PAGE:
I remember a great time when my daughter was a baby. I had just gotten her into a lovely routine: she seemed to be sleeping, eating and playing in a rhythmic way each day, and I felt on top of things. This parenting gig didn't seem so bad after all!
But of course that didn't last. In fact, I don't think it even lasted a week.
Every time I've felt like I've mastered parenting, my kids have changed. They stop one behaviour then start a new one. It can be frustrating and challenging.
A great feeding baby can become a fussy food toddler.
Those few minutes of peace and quiet in the middle of the day evaporate when your child decides they no longer need a day sleep.
The baby who is happy to goo and gaa at the cat, gets frustrated because they now want to move and explore.
Our kids are growing every minute, and with each developmental stage their behaviour shifts. We can't stop progress so we have to roll with it. That's why one of our best parenting skills is to adapt; be flexible; be open to change.
But not all of us like change. Many of us stick our heels in the mud if change confronts us. It feels difficult and uncomfortable. Why do we have to change when we had just gotten used to a new status quo?
Well, probably the most important reason is that we have no choice.
Our babies don't remain babies. They morph into toddlers, then preschoolers, and then they hit school age, tweens and teenagers. At every stage there are challenges and new behaviours which require new ways of parenting.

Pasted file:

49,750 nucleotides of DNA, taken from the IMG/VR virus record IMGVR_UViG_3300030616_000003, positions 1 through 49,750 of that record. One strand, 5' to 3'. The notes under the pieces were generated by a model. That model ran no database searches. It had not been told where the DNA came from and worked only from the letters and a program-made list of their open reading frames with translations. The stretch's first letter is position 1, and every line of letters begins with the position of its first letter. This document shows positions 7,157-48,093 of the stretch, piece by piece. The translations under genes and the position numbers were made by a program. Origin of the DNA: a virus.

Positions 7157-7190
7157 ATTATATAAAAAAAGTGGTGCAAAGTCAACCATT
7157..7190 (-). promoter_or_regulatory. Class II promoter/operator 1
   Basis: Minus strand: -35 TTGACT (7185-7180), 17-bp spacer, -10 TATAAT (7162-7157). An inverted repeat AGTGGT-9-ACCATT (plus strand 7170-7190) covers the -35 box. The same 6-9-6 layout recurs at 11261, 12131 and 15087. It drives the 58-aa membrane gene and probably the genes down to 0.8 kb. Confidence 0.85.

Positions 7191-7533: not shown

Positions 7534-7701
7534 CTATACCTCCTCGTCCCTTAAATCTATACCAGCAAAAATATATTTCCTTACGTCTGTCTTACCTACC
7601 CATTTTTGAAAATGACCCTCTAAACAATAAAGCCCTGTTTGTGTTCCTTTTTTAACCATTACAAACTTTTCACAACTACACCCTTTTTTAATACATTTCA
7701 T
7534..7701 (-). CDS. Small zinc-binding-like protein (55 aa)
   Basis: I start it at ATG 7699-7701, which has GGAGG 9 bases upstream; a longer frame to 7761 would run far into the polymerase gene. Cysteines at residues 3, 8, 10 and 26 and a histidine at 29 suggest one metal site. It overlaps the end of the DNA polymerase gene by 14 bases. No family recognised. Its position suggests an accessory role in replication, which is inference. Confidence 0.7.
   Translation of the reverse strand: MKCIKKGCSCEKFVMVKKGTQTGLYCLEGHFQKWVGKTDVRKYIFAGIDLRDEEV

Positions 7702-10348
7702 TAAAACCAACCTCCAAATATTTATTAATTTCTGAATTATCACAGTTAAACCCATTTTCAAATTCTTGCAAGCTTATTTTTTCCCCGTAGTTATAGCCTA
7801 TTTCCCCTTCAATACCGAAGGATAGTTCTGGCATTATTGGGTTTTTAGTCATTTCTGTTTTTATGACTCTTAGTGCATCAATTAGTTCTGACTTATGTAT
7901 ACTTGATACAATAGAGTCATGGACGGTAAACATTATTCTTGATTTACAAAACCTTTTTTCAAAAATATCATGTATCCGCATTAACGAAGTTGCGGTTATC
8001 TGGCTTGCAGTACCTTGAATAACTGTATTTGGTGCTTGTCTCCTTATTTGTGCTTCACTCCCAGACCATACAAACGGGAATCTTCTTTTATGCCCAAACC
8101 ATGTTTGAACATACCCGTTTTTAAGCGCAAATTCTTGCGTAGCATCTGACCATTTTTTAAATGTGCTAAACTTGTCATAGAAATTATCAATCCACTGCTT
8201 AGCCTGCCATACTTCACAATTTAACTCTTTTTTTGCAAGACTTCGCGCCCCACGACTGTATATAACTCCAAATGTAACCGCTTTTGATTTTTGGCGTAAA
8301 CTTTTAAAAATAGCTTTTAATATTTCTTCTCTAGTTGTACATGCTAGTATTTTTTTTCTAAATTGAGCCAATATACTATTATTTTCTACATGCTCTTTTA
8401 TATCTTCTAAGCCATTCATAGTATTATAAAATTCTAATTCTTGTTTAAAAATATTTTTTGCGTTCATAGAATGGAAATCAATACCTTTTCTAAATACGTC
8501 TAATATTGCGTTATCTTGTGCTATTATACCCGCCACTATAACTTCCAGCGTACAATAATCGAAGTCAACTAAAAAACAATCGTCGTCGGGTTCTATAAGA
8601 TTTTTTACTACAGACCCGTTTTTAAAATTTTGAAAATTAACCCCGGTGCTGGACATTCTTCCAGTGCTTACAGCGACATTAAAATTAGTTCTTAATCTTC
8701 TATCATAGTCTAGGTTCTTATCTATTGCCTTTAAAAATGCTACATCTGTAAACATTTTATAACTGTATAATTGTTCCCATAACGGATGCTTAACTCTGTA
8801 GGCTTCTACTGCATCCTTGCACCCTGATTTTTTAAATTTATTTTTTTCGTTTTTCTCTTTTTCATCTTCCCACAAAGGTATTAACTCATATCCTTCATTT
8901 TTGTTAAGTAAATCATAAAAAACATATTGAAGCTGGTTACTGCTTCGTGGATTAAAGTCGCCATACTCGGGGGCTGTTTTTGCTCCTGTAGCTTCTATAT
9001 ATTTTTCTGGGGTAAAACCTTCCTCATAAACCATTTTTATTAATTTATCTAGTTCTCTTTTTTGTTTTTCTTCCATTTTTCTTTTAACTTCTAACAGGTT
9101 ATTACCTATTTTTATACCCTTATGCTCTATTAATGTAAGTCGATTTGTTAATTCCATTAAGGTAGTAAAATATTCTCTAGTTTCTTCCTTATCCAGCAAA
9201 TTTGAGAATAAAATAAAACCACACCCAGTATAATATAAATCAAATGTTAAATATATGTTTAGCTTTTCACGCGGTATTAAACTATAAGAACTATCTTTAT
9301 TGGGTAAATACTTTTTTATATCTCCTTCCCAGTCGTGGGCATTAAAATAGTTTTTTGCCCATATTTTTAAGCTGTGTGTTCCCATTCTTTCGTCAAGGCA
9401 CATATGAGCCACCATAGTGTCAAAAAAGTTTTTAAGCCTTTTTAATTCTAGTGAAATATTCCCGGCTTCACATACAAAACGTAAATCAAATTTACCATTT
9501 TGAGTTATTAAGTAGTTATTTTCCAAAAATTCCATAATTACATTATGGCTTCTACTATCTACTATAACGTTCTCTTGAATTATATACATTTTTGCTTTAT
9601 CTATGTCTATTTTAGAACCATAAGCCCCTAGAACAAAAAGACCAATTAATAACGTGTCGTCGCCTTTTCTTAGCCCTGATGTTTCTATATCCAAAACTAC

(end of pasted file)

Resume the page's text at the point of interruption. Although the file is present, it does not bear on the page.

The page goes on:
The biggest change of course is becoming a parent for the first time. That's when our life changed monumentally. We went from being relatively in control of our lives to having a little tiny bundle influence our every move. And since then, there's been no rest.
That's why we now know that effective parenting requires us to be adaptable. 'Parent adaptability' is actually a technical term, and it involves the following three factors:
- Are you 'tuned into' your child?
- Do you know what developmental stage your child is at, and what you can realistically expect from their behaviour?
- Are you aware of your own behaviour and how it impacts on situations?
- Do you respond to your child's changing behaviour?
- Do you adjust the way you raise your child based on their developmental stage and the situation?
- Do you use problem-solving and try new ways of raising your child when the old ways no longer seem to be working?
- Do you manage your own emotions so you're present and calm?
No one said this gig would be easy, and it can be difficult to constantly have to adjust what we do and how we do it. But the flip side is watching our children grow.
Every time our children change, it's a sign that they have mastered a new skill and gained more knowledge and experience. Yes, that forces us to adjust, but it's also an opportunity for us to feel proud and to celebrate.
Jodie Benveniste is a psychologist, parenting author and the founder of Parent Wellbeing. You can find more parenting inspiration at parentwellbeing.com.